Michelle Donegan is a tech writer who has covered the communications industry for more than 25 years on both sides of the pond. Having worked for various industry titles, including Communications Week International, Total Telecom and Light Reading, she specializes in mobile network technology trends.
At the 5G World event in London last week, Ofcom CTO Mansoor Hanif presented the regulator’s latest proposals for offering local licenses in the 3.8 GHz to 4.2 GHz band for private 5G networks. The proposed licensing scheme would open prime 5G spectrum to anyone who wants to apply for it to build their own private 5G networks.
Ofcom’s plan was first published in December last year in a consultation document on shared access to spectrum. The consultation ended on March 12. An Ofcom spokesman tells 5G.co.uk that the regulator is currently assessing the consultation responses and aims to announce its decision this summer.
Ofcom has proposed making shared access to the 3.8 GHz-4.2 GHz band more widely available. Rather than auctioning the spectrum in the usual way and issuing national licenses to mobile network operators, Ofcom would grant access to the spectrum on a first come, first served basis when applicants specify the location where they wish to operate. The fees would be determined on a cost basis to cover Ofcom’s costs of managing the licensing process. The regulator is also considering similar licensing conditions for portions of spectrum in 1800 MHz and 2300 MHz.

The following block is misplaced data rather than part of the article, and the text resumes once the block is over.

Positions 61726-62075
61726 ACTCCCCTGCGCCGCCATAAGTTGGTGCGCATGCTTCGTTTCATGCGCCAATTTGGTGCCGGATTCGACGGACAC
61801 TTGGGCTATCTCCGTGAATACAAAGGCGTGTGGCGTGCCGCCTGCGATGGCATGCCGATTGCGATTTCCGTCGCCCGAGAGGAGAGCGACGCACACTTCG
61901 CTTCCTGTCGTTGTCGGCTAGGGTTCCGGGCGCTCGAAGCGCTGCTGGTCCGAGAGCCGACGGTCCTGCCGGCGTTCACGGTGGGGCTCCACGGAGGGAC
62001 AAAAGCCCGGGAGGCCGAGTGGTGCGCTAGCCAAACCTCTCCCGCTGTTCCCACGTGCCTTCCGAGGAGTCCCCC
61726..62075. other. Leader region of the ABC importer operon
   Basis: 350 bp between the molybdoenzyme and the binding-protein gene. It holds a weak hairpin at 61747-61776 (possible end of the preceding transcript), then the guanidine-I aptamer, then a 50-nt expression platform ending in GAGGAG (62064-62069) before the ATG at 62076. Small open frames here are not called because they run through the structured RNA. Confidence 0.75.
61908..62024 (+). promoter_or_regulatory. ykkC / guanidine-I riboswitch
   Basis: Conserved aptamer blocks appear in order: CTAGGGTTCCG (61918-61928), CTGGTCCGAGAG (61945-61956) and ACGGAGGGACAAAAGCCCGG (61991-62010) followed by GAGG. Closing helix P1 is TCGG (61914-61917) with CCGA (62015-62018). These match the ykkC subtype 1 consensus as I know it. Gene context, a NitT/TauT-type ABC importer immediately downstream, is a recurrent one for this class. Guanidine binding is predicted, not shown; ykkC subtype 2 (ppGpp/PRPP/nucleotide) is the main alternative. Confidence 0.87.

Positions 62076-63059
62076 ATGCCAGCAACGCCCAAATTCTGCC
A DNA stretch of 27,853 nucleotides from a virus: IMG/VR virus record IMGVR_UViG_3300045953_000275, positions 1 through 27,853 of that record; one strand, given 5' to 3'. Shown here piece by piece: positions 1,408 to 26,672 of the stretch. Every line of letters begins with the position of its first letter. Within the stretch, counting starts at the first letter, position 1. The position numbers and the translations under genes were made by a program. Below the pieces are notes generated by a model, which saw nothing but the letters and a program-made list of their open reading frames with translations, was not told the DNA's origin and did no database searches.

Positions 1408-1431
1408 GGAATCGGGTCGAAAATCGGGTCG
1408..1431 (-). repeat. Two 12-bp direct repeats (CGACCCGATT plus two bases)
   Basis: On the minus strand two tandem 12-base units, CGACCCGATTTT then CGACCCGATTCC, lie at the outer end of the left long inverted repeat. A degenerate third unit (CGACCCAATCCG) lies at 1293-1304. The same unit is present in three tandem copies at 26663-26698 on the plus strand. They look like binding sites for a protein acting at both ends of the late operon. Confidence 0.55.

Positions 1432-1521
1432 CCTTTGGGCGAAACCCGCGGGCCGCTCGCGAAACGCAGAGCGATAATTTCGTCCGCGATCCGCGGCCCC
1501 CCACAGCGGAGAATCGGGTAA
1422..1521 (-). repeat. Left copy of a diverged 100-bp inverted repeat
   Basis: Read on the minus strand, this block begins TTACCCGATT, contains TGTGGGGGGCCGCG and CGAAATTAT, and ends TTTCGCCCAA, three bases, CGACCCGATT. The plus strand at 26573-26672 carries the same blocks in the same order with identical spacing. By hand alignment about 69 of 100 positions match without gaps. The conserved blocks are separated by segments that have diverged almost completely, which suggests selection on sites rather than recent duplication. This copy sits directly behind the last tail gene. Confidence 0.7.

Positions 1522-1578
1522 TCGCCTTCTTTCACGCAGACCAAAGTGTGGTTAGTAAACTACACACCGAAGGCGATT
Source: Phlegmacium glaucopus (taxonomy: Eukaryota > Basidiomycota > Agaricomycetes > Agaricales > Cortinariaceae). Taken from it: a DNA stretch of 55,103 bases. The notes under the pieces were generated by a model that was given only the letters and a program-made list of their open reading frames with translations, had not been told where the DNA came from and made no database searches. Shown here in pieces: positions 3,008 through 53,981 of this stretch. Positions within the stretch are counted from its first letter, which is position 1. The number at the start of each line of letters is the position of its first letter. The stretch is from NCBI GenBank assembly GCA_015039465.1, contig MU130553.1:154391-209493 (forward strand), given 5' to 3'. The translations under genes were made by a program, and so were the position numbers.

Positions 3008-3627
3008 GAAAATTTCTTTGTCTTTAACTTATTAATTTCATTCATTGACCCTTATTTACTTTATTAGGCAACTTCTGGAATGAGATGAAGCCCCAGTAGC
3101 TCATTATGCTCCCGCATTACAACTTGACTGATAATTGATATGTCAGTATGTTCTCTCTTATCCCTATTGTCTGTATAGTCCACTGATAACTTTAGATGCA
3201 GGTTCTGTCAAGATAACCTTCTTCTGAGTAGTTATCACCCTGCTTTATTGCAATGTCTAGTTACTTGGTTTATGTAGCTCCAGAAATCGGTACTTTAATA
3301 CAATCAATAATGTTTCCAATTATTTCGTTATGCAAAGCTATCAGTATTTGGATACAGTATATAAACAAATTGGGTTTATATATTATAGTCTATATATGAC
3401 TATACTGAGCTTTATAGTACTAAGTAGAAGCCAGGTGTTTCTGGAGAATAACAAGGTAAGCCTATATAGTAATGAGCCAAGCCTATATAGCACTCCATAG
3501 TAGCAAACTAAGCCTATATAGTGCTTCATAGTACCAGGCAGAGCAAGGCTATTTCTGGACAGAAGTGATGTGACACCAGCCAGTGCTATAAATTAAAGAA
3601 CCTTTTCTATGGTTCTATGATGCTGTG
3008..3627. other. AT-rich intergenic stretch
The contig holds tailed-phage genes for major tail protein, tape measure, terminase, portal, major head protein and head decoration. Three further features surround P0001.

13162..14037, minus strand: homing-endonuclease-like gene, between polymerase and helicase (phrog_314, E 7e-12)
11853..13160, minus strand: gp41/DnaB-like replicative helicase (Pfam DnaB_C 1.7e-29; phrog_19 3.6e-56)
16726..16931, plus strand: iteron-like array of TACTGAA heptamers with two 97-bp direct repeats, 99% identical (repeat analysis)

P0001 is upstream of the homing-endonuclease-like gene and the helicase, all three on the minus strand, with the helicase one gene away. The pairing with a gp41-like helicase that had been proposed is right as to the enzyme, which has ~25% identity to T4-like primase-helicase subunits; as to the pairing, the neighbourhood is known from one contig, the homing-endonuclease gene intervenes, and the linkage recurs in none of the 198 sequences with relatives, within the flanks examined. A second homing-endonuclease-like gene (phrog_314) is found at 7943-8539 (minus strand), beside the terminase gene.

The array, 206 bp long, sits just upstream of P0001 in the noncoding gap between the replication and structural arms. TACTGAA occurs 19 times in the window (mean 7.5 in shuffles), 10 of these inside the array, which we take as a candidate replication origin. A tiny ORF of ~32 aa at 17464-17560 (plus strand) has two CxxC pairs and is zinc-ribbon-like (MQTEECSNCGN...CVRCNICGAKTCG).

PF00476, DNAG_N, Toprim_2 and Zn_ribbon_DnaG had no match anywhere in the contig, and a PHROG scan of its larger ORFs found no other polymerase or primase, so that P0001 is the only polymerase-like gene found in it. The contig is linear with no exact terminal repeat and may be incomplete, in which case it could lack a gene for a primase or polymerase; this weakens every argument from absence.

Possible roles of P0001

Low power licenses for local connectivity would cover an area of a 50-meter radius circle. The spectrum could be issued in blocks of 10 MHz or larger. Medium power licenses would cover longer ranges and might be limited to rural coverage applications.
According to Ofcom, the 3.8 GHz – 4.2 GHz spectrum could be used for private 4G LTE or 5G networks, fixed wireless access, as well as rural and in-building coverage.
Private 5G networks could serve a myriad of sectors including manufacturing, logistics, mining and the industrial Internet of Things.
- Useful read: What is a private 5G network?
New business use cases
While still a proposal at this stage, the plan would allow enterprises to acquire spectrum licenses and build their own 5G networks, leaving mobile operators out of the equation. This could spur the development of new use cases for 5G by allowing businesses to get new wireless technology up and running quickly.
As Ofcom stated in its consultation document: “We want to see good quality wireless broadband coverage where people live, work and travel across the UK, both now and in the future as the next generation of mobile technologies (5G) becomes available. We also want to encourage the development of new uses which will benefit both businesses and consumers. Facilitating access to spectrum for new users plays an important role in encouraging innovation.”
- Useful read: How will businesses benefit from 5G?